• Seppälä, Arja Tuulikki (Helsingin yliopisto, 2020)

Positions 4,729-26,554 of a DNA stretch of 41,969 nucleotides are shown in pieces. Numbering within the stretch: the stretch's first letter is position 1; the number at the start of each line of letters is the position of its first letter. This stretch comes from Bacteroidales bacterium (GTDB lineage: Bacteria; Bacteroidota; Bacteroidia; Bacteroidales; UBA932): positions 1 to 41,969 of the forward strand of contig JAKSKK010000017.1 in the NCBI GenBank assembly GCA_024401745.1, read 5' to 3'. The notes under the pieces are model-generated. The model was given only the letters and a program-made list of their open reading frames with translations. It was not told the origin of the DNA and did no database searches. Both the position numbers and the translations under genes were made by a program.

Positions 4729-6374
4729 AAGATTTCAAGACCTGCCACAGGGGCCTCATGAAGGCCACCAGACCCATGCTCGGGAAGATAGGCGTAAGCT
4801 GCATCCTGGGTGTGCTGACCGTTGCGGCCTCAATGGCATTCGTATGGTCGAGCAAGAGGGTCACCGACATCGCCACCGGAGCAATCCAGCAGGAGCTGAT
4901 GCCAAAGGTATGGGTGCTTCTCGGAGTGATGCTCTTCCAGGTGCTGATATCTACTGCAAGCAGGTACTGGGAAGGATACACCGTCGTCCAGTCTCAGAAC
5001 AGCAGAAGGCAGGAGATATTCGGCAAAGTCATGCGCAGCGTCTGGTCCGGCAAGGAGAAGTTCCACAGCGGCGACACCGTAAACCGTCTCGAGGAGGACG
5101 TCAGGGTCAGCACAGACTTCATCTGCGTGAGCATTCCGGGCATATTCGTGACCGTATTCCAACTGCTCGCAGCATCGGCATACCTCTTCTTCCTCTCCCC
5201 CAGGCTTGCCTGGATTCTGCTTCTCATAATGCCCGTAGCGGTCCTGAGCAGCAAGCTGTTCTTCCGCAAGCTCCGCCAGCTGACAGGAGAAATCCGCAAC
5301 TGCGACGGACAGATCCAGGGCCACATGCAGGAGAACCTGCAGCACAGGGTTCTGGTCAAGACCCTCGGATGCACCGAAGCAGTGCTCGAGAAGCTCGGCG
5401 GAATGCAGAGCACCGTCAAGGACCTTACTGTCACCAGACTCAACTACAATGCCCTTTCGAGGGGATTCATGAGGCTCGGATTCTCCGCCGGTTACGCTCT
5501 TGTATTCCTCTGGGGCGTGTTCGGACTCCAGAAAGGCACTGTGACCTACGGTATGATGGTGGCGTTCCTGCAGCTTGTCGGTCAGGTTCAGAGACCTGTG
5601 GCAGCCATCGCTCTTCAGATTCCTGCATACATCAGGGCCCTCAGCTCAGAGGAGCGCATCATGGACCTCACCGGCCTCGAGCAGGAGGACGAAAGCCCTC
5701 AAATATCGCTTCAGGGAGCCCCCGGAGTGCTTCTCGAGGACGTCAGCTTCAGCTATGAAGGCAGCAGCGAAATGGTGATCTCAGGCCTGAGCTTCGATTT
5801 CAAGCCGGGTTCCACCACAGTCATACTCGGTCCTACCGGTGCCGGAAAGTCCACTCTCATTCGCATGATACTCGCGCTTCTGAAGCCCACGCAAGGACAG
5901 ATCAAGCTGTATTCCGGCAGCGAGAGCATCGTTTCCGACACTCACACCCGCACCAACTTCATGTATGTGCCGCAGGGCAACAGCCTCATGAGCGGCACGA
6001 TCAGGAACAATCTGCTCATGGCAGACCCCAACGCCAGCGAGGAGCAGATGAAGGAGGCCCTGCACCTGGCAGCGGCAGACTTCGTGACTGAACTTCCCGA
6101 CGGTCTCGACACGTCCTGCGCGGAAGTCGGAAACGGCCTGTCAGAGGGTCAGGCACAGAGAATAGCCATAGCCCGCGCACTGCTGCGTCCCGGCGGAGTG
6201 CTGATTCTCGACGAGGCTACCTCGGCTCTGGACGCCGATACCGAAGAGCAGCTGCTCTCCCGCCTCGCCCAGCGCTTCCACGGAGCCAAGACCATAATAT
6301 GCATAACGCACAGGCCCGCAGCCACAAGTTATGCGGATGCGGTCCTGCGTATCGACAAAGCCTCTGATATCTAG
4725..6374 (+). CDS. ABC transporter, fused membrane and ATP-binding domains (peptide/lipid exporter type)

Total mixed ration (TMR) is a feeding method for ruminants. Prior to feeding different types of feed ingredients are mixed together to create a uniform moist mass. TMR provides favourable conditions for microbial growth, which can cause rapid spoilage and spontaneous heating of the feed especially during the warm season. Potential negative consequences of the TMR heating are dry matter (DM) losses, reduced feed intake and subsequent reduction in animal production. The objective of this thesis was to explore the factors affecting TMR stability. Silage is normally the most important component of a TMR. The effect of silage stability on TMR stability was evaluated by varying both silage additive and silage DM concentration. The ensiled crops were grass (a mixture of timothy and meadow fescue) and faba bean-wheat and field pea-wheat whole crops. The grass was ensiled at two dry matter levels: 218 (LDM) or 539 (HDM) g kg-1. The whole crops were dominated by legumes as their proportions were 0.84 (faba bean) and 0.89 (pea) and DM was low (173 and 181 g DM kg-1, respectively). Ensiling trials were conducted in 12 L silos. Each silage from the ensiling trials was used to prepare a TMR by adding various concentrate components. Aerobic stability of both the silage and the TMR was measured by following the temperature rise in the feed materials during aerobic exposure. Silage stability was directly linked to TMR stability of the additive treated silages within crop. On the contrary, non-additive treated LDM silage had stability of 13.8 days while the TMR prepared from that silage had a stability of only 10 hours. TMR DM was 590 g kg-1 and 330 g kg-1 for HDM and LDM, respectively. Numerically TMR prepared from HDM silages had 69 hours longer stability than TMR prepared from LDM silages. Conversely, TMR prepared from whole crop legume silages had only 280 g DM kg-1, and yet their stability was relatively good (> 45 hours). It is notable, that silages were introduced into TMR immediately after silo opening without any semi-aerobic feedout phase. The stability of the LDM silages was on average 12 times longer than the stability of the respective TMR. Legume whole crop silages had a stability 1.4 times higher than the respective TMR. The range of the silage additive effect on the TMR stability was 13 hours for faba bean-wheat silages, 30 hours for LDM silages, 57 hours for pea-wheat silages and 82 hours for HDM silages. Preservatives can be added into TMR at the time of mixing to delay the spoilage. Two trials were conducted to explore the effects TMR hygieny and preservative additions. Effects of both liquid and solid preservatives were investigated as a method to delay TMR heating. The hygiene level of TMR was varied by an inclusion (10 % on DM basis) of one-week-old TMR into the mixture, by inclusion of brewers grains (13 % on DM basis) or by the quality of the grass silage (fresh or after aerobic exposure). The preservative added into TMR at the time of mixing improved TMR stability on average by 1.5 to 41 hours depending on the microbial status of the TMR and the application level of the preservative. The effects of chemical stabilizers were larger, when the Control TMR had good stability. Low yeast count (< 3 log10 cfu g-1) of the TMR was related to good stability. A high yeast count (> 5 log10 cfu g-1) and consequent rapid TMR heating may be caused by inoculation in the form of high yeast containing components such as by brewers grains or sometimes by silages. Together with yeasts, also aerobic bacteria may play a role in TMR spoilage, as suggested by the high count of aerobic bacteria (9.8 log10 cfu g-1) in aerobically spoiled silage. Poor hygiene reduced TMR stability by 50 hours. The amount of yeasts, moulds and aerobic bacteria, respectively, were 55, 257 and 126 times higher in TMR containing 26 % spoiled silage (on DM-basis) compared to the TMR prepared from high hygienic quality ingredients. It was concluded that silage additives can manipulate silage and respective TMR aerobic stability. Within additive treated silages there was a strong correlation between silage stability and TMR stability. High dry matter grass silages and TMR prepared from them had good stability in the trial conditions, which may not reflect practical situation on farms where presense of oxygen is more variable during silo filling, during ensiling as well as during feed out potentially causing substantially higher count of aerobic spoiling microbes than in trial silos. Chemical TMR preservatives can improve TMR stability especially effective when the initial number of spoiling organisms is low. Keywords: aerobic stability, hygiene, preservative, spoilage, total mixed ration, yeast